His co-chairing of Davos 2012 was criticized, with Mike Mayo, an analyst with Crédit Agricole in New York remarking: "What kind of signal does that send, that the bank that was the worst-performing in our country over the last decade and whose stock price is still down significantly since he took over, is the ambassador for our financial industry?" At Davos 2012, Pandit said that Citigroup was going "back to the basics of banking" in response to public anger about the financial crisis, and argued that, "The single biggest issue facing us is the question of jobs," giving an estimate of 400 million jobs in the next 10 years.
On 16 October 2012, Pandit unexpectedly resigned as Citigroup CEO. Michael Corbat, previously Citigroup's CEO of Europe, Middle East, and Africa, was named as his replacement. While Pandit and the company maintain that he resigned, Bloomberg News cited anonymous board sources indicating that Pandit was forced out by the board after eroding investor confidence and damaging company relations with regulators over an extended period. The New York Times later identified Chairman Michael E. O'Neill as the driving force behind a months-long secret effort to oust Pandit, which culminated in a surprise ultimatum to Pandit stating that he must resign immediately, resign at the end of the year, or be fired. His resignation followed multiple payouts to investors during ongoing fraud allegations.
While CEO of Citigroup in 2007, Vikram S. Pandit earned an annualized compensation of $3,164,320, which included a base salary of $250,000, stocks granted of $2,914,320, and options granted of $0. In 2008, he earned a total compensation of $38,237,437, which included a base salary of $958,333, stocks granted of $28,830,000, and options granted of $8,432,911. However, after adjusting for Citigroup's sunken share price, the package was worth just a few million dollars. Pandit received $165 million for his hedge fund which was purchased by Citi in 2007. The fund has since been closed. In 2012, Citigroup shareholders voted in favor of a non-binding resolution to reject a $15 million pay package for Pandit. In November 2012, Pandit was paid about $6.7 million.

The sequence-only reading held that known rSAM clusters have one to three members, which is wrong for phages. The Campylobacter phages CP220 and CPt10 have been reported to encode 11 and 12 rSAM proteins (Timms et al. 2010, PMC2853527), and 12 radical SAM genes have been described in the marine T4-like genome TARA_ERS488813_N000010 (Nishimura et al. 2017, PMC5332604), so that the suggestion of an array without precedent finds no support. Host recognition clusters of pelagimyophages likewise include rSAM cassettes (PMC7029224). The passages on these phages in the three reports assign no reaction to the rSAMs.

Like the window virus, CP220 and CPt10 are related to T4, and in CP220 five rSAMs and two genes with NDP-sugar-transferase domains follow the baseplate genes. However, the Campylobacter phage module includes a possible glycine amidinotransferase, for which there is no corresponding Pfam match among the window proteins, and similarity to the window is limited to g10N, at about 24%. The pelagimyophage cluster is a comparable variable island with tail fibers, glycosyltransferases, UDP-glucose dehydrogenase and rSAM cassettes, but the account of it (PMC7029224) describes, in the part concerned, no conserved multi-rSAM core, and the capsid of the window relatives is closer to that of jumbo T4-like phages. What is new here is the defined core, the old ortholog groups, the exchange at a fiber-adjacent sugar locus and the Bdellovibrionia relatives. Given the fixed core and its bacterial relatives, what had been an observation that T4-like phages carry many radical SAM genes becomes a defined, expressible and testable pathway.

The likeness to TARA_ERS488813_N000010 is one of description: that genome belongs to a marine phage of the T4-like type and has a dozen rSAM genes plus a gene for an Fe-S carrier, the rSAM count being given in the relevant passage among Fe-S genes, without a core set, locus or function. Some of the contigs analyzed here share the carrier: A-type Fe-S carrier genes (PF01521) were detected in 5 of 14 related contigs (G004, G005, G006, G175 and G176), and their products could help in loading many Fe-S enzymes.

It was reported in May 2013 that Pandit and Hari Aiyar, another Indian executive, were acquiring a 3 percent equity stake in JM Financial and launching a $100 million fund to invest in distressed assets. It was reported in May 2016 that Pandit and Atairos Group created a new operating company, The Orogen Group, to invest in financial services companies with backing from Comcast Corporation.
Pandit is a member of the boards of Columbia University, Columbia Business School, the Indian School of Business, and Trinity School. He is also a member of Kappa Beta Phi. He serves as director of the Institute of International Finance. He was on the board of NASDAQ OMX, the New York City Investment Fund, from 2000 to 2003.
In 2008, Pandit was awarded the Padma Bhushan by the Government of India.
Pandit, a naturalized citizen of the United States, lives in an apartment on the Upper West Side of Manhattan. He and his wife, Swati, have two children, Rahul and Maya.
It's stunning when you think about it: How does Pandit, who owes much of his fortune to the American public's largess, wind up being showcased as a paragon of leadership and free enterprise, little more than a year after the U.S. Treasury finally sold the last of its Citigroup common stock?
Some of Pandit's critics at home question whether he should take a bigger role at Davos given his bank's underperformance. Shares in the lender, which received a $45 billion government bailout during the financial crisis, have plunged 94 percent in the past decade, the most of the 24 companies in the KBW Bank Index, and 91 percent since Pandit became CEO in 2007.